Summit County law enforcement receive grant to help cover DUI shifts
The Summit County Sheriff’s Office and the four police departments all received grants this month to aid with DUI enforcement. Dillon police received $35,000 from the Colorado Department of Transportation’s Law Enforcement Assistant Fund (LEAF). The Sheriff’s Office received $20,000, Frisco received $10,000 and Silverthorne received $13,000 this year. Breckenridge did not participate in the LEAF grant this year due to a staffing shortage, but they received $8,000 for high-visibility enforcement for 2014-15.
“We’ll set up special DUI shifts that deputies will work, and they’ll get paid out of this fund,” said Summit County Sheriff’s Office commander Jaime FitzSimons. “The five departments up here all have it, so we try to spread it out so we’re not working the same night.”
CDOT will list enforcement periods over a series of weekends, and one agency will set up a “DUI car” for each of those nights. When an officer reports a DUI, the car is called over, helping with roadside sobriety tests, breathalyzers and all of the related paperwork. Each agency reports enforcement statistics to the state at the end of enforcement periods.
Chief Mark Heminghous with the Dillon Police Department said the DUI car helps keep officers from getting tied up with paperwork while working a shift.
“Then it doesn’t pull people away from their normal police duties to go do that DUI case,” he said.
The LEAF grant was created in 1983, in response to an overwhelming number of DUIs and alcohol-related fatalities, according to Leslie Chase, high-visibility enforcement coordinator for CDOT. That year, the state reported more than 400 alcohol-related fatalities, with close to 42,000 DUI arrests in 1982. Chase said that following the program, the number of arrests has nearly halved, at 25,000 arrests in 2014.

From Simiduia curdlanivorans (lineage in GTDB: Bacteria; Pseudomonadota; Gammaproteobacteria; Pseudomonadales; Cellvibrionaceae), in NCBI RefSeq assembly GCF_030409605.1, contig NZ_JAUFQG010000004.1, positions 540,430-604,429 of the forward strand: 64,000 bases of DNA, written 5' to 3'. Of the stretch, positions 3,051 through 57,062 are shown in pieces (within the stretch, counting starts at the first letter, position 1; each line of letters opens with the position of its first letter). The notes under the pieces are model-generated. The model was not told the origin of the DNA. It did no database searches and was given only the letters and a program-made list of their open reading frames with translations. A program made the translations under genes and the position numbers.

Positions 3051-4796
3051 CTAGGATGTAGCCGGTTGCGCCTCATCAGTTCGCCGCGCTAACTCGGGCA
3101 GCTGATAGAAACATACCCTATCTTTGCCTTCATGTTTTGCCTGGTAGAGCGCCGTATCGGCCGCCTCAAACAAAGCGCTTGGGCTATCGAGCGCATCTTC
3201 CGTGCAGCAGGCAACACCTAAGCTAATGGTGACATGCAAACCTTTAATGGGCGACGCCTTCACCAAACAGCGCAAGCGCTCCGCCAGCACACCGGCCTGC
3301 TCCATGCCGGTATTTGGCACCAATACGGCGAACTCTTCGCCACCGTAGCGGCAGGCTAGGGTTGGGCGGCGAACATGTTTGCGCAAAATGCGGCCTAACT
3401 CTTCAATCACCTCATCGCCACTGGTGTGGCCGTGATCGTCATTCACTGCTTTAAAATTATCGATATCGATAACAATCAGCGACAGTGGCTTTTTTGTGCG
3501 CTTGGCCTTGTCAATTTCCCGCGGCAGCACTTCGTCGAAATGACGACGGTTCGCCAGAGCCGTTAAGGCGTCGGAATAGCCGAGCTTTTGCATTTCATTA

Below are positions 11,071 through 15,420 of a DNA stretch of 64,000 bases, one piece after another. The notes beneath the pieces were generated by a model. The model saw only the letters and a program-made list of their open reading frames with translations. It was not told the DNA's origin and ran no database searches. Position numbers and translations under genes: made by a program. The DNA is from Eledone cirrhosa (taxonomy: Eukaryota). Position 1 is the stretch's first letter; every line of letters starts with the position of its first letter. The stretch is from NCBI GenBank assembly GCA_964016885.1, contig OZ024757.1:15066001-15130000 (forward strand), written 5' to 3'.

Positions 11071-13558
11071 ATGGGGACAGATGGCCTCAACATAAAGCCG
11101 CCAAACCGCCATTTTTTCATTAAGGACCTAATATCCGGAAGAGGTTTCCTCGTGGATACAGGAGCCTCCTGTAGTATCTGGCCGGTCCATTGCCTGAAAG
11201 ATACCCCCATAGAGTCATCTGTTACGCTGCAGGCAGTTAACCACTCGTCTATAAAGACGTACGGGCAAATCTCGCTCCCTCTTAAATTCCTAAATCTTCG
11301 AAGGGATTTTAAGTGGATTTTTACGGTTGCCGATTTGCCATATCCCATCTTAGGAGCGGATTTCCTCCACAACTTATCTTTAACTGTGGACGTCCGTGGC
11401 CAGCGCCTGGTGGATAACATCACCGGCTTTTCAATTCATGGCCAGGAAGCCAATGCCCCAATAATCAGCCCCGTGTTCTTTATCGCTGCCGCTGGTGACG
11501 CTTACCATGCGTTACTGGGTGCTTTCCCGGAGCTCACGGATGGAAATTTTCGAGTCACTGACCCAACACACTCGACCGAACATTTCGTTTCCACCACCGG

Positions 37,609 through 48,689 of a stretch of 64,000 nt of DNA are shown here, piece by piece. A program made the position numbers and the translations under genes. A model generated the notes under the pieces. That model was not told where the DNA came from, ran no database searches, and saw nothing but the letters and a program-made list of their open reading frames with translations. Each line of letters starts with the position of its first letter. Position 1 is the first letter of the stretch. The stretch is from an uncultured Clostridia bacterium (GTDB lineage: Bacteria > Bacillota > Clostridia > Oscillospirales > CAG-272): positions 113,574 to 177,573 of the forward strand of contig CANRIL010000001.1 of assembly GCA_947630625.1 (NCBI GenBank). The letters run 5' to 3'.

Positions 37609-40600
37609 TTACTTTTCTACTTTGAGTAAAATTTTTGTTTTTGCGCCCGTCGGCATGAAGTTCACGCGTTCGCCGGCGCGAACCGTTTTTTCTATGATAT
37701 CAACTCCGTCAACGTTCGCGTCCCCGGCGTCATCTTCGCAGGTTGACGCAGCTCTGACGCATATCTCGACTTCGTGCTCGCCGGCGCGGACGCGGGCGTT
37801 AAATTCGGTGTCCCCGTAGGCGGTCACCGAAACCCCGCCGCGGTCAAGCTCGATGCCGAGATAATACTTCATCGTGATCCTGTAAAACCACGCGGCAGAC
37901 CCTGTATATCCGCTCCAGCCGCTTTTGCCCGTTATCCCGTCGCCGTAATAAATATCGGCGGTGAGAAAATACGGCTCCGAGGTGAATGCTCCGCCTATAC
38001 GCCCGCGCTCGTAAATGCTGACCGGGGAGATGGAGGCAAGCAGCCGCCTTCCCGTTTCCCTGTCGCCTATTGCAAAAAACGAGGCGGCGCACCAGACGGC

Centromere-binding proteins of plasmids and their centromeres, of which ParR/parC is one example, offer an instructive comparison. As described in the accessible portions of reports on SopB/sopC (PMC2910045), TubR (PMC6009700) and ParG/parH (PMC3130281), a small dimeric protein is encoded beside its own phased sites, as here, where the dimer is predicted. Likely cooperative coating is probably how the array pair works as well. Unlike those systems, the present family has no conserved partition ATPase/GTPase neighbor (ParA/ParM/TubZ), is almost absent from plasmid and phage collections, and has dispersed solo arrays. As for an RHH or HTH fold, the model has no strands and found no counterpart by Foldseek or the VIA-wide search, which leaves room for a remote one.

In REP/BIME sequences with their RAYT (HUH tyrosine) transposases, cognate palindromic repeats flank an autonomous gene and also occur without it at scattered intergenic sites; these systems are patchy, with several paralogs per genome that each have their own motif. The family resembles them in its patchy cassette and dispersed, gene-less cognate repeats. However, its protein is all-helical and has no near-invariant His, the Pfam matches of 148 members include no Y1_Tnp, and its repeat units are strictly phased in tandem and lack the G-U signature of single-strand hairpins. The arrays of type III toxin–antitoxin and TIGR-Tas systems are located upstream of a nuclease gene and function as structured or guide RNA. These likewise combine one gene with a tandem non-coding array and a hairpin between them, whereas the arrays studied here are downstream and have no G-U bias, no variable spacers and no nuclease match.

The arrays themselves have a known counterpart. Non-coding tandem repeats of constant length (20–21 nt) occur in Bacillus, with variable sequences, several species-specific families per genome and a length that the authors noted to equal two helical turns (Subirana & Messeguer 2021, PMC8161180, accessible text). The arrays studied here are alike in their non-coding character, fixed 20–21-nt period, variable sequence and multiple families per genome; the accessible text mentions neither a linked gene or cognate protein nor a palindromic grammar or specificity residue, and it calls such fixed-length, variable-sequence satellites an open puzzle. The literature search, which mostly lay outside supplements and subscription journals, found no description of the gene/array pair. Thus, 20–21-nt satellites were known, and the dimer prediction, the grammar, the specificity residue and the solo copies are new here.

“It’s designed to put itself out of business,” said Glenn Davis, manager of impaired driving programs.
With each DUI arrest, an initial $90 fee is charged. $75 of that sum is split between the Colorado Department of Health, the Colorado Department of Human Services and the LEAF grant pool, with the majority of the funds going to the Department of Health.
“We mostly buy time for officers to go out and do impaired driving enforcement,” Davis said.
To receive the grant, agencies must send in an application every year, with a budget and identifying issues in the county. Chase said that CDOT gave out a maximum of $40,000 per agency, depending on both needs and interest.
The funding runs from July 1, 2015, through June 30, 2016, and requires quarterly reports on the part of each department, with one final report at the end of the year.
Silverthorne police chief Mark Hanschmidt said the department put in a more conservative request for funds this year, about 260 hours of extra enforcement. He added that the department has still seen officers spend a lot of time working under the LEAF grant over the past few weeks.
“Sometimes, people don’t really think about the consequences,” Hanschmidt said. “Unfortunately, what we see too often is that when people are here enjoying Summit County on vacation, they don’t really think about that.”
The average BAC level for the county is a .159, according to 259 DUI charges filed in 2014.
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